Whereas JNIM prolifically carries out and claims attacks, Ansaroul Islam has maintained only its Facebook page for making attack claims or statements. Ansaroul Islam’s lack of sophisticated media use could explain why so far there has been no claim of the attack that killed the four U.S. Special Forces members. The more media-savvy JNIM’s lack of claim three weeks after the attack strongly suggests that JNIM is not behind the attack.
The Islamic State Network in the Sahel
Ansroul Islam is not necessarily the most likely culprit behind the attack on the U.S. Special Forces, even though some of its members may overlap with the group most likely responsible for the attack. An IS faction under the leadership of Abu Walid al-Sahrawi, which uses the name “Islamic State in the Greater Sahara,” can also be found in the same vicinity of Ansaorul Islam. However, al-Sahrawi’s has more capabilities in Niger than in Burkina Faso. Al-Sahrawi’s faction is most likely to have been behind the October 4 attack on the U.S. Special Forces unit in Niger.
IS’ auxiliary media agency, Amaq, formally recognized the pledge of loyalty of al-Sahrawi’s faction to IS leader Abubakr al-Baghdadi in October 2016. This was followed by a video of al-Sahrawi physically making the pledge alongside over 20 other militants (Jihadology.net, October 30, 2016). However, IS did not name al-Sahrawi’s faction as a “province” like it did when it renamed Boko Haram as “West Africa Province” in 2015. This means that al-Sahrawi’s faction is not a “province” of IS, though it can still feature in Amaq claims and videos.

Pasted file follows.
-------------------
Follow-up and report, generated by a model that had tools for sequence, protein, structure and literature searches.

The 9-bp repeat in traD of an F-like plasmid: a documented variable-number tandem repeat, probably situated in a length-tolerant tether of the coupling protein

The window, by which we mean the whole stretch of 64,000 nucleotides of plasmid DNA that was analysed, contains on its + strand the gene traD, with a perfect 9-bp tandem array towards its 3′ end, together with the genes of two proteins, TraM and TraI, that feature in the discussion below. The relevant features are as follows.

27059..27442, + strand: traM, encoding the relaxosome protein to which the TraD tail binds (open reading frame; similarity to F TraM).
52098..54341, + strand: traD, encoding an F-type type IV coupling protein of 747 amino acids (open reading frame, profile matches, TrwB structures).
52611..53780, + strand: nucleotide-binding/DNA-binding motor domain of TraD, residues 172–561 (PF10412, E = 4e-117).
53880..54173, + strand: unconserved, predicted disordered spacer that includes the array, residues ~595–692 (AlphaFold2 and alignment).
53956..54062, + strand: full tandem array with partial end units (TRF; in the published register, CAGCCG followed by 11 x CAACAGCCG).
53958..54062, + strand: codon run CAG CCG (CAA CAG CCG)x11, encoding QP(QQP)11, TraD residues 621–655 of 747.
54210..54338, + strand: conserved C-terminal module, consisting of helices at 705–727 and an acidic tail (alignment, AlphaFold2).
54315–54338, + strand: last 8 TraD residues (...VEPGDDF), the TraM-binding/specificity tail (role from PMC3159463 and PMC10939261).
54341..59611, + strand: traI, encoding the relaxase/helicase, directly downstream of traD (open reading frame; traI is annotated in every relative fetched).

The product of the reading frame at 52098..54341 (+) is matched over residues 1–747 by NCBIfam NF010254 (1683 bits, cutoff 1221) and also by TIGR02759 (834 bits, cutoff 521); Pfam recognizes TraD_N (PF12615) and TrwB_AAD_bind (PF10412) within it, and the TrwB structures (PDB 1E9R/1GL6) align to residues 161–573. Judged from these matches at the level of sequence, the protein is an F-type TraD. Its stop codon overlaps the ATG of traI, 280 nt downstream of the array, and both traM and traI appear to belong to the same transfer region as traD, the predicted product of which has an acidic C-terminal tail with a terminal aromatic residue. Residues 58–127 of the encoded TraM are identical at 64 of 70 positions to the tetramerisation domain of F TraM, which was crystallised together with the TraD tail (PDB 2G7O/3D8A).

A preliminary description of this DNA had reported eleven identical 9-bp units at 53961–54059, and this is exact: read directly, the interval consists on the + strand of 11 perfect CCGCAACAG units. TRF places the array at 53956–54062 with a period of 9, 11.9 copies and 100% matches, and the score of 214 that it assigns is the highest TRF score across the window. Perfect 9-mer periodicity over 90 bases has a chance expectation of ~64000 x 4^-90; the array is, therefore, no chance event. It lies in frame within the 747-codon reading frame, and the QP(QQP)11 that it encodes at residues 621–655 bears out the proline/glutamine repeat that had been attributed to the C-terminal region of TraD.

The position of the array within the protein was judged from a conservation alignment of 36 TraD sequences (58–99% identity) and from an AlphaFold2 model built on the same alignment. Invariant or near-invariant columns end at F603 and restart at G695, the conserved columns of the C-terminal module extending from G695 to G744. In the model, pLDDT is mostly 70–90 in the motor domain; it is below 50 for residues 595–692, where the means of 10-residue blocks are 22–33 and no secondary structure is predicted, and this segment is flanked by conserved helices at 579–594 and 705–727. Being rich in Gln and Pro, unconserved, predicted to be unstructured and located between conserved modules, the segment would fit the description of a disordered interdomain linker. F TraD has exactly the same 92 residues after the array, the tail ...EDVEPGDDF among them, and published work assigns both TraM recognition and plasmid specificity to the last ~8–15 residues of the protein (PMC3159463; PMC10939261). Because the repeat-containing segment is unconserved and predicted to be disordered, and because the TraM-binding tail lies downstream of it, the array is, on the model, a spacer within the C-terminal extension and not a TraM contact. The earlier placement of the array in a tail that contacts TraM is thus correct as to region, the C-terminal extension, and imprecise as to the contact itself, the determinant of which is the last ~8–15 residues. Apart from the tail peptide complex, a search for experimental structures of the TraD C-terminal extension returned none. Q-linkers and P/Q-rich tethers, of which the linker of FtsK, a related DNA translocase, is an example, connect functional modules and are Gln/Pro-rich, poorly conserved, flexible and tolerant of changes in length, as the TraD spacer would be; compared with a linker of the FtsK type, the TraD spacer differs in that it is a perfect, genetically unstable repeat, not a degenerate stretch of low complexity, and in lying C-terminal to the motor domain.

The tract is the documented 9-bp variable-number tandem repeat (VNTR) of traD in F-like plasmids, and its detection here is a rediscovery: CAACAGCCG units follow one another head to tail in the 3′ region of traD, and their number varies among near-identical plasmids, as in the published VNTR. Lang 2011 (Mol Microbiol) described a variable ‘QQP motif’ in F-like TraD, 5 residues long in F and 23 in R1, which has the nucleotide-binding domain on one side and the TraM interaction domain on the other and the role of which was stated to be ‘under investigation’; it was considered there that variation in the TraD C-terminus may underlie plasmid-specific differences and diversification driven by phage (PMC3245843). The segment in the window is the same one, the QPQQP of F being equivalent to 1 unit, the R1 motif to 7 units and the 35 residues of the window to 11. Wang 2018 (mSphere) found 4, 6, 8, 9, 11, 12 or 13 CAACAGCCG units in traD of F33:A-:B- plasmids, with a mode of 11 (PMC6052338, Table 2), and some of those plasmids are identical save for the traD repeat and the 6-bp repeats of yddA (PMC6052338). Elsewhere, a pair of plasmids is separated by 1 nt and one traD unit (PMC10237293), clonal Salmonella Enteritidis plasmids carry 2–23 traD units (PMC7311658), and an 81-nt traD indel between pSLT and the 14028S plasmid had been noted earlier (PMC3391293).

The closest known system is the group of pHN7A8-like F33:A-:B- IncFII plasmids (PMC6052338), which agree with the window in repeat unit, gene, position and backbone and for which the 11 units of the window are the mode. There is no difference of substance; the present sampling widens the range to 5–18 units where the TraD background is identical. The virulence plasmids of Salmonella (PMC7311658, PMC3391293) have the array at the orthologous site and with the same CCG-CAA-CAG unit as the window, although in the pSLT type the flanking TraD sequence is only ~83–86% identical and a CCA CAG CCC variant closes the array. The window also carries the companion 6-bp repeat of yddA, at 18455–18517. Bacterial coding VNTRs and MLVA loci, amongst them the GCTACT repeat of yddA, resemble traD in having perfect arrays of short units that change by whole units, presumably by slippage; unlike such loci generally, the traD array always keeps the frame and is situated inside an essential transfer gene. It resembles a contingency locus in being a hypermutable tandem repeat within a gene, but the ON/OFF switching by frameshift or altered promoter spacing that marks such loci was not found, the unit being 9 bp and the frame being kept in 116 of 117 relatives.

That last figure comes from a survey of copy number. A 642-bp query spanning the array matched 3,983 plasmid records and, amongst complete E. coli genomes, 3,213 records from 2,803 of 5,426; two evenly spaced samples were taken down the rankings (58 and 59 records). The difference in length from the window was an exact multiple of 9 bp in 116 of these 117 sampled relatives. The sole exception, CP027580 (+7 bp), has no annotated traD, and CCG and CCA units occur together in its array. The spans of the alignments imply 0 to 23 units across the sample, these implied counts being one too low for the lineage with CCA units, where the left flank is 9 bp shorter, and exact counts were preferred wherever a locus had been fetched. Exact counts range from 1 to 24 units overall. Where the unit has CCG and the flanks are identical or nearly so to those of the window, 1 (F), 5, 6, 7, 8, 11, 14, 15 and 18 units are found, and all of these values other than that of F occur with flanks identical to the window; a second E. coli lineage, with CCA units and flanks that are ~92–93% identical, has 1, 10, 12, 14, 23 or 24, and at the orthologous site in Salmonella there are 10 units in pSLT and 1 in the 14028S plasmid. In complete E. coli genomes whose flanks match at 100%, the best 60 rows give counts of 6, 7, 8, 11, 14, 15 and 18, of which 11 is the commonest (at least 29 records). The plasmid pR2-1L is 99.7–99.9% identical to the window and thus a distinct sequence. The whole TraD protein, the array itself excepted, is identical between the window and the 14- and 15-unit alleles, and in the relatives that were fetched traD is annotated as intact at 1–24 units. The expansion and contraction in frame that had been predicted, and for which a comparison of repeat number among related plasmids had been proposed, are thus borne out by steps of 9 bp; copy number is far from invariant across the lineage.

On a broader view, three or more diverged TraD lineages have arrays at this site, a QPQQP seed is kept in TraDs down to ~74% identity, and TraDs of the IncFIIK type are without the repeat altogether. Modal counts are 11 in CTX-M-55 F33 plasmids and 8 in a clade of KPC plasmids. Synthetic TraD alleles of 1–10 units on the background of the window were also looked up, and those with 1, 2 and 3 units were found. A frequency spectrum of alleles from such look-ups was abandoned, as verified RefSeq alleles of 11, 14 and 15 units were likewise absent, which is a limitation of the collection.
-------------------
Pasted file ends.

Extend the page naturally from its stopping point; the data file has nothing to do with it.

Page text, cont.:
Al-Sahrawi had initially pledged loyalty to IS in 2015, so the roughly one year between his pledge and IS’ recognition of his pledge raises questions about the proximity of lines of communication between al-Sahrawi and IS. Immediately before Amaq recognized al-Sahrawi’s pledge in October 2016, al-Sahrawi’s faction had claimed three attacks, indicating that al-Sahrawi may have had to prove himself to win IS recognition (alakhbar.com, September 3, 2016; RFI, October 17, 2016). The three attacks that al-Sahrawi carried out before Amaq recognized his faction included:
- An attack on a Burkinabe border post, killing two Burkinabe soldiers;
- An attack on a military post in Burkina Faso near the Mali and Niger borders, killing at least three Burkinabe soldiers; and
- An attack on a prison north of the Nigerien capital of Niamey that held several prominent jihadists, which was repelled. 
In addition to these incidents, the Nigerien interior minister claimed that militants aligned with MUJWA—possibly a reference to al-Sahrawi’s faction, because al-Sahrawi was aligned with MUJWA in 2012—were responsible for the October 2016 kidnapping of Jeffrey Woodke, an American aid worker, in the town of Abalak in central Niger. That kidnapping, like the attack on U.S. Special Forces on October 4 and another attack on October 21, 2017, that killed 12 Nigerien gendarmeries (RFI, October 21), has not been claimed.